WOMAN AT WAR (Metacritic Reviews & Trailer)
September 20 & 21, 2019
With a masterful melding of the serious, the comic, the ridiculous and the musical, Woman at War is joyful to experience though difficult to sum up. Halla is a fifty-year old independent woman, who behind the scenes of a quiet routine, leads a double life as a passionate environmental activist. In her non-terrorist life, Halla is someone very different, a peace-loving choirmaster who has large pictures of Gandhi and Nelson Mandela on her living room walls and smiles at everyone she meets. One reviewer says that while this film is dealing with elemental matters, the director is having too much fun to get all solemn about it. Woman at War is a beautiful hoot. (in Icelandic) (101 minutes).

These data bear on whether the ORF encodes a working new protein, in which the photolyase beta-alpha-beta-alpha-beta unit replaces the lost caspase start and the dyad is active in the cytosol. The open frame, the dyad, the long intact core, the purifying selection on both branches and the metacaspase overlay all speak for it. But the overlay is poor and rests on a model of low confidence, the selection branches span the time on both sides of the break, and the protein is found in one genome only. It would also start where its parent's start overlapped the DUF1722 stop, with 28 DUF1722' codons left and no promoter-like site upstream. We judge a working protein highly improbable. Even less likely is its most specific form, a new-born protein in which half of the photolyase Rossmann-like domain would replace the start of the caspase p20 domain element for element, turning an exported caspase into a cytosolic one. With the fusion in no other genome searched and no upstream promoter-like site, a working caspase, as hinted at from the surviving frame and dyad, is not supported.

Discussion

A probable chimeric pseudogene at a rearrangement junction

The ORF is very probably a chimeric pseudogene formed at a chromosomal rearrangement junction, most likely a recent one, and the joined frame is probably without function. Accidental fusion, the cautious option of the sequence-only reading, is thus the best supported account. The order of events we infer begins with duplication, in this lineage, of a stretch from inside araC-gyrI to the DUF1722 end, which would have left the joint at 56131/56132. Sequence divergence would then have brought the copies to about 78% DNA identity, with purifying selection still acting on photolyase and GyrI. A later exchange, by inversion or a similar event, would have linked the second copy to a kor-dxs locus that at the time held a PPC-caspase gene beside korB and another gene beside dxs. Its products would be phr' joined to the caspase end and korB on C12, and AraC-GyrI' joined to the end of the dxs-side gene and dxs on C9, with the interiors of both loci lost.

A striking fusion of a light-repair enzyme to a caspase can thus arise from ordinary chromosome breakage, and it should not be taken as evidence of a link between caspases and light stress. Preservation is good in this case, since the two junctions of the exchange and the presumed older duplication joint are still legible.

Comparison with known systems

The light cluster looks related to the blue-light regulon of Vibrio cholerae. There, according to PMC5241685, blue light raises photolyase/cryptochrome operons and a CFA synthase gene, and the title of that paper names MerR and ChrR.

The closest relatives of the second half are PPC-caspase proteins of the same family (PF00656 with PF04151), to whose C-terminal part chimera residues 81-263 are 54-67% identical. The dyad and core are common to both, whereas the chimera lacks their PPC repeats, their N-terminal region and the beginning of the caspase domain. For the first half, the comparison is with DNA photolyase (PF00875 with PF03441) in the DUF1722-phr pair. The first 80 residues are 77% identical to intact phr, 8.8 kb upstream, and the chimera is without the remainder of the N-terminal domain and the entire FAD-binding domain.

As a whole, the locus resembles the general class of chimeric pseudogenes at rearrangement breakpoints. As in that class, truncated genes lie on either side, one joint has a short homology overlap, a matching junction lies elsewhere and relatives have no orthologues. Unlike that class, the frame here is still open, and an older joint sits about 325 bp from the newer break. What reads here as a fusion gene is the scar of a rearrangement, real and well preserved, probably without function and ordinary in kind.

SHOPLIFTERS (Metacritic Reviews & Trailer)
October 18 & 19, 2019
In its quiet, achingly tenderhearted way, Shoplifters, winner of the Palme d’Or at Cannes, is a heresy. It suggests that we’re born into families of strangers (or worse) and that we find our true families, the people who genuinely care for us, among strangers we meet in the world. Shoplifters presents a clan of con artists as a force for love.
It’s in theory the worst family movie of 2018—and in practice one of the year’s best films. Another triumph for the great writer-director Hirokazu Koreeda. (Boston Globe) (in Japanese) (121 minutes).
IF BEALE STREET COULD TALK (Metacritic Reviews & Trailer)
November 8 & 9, 2019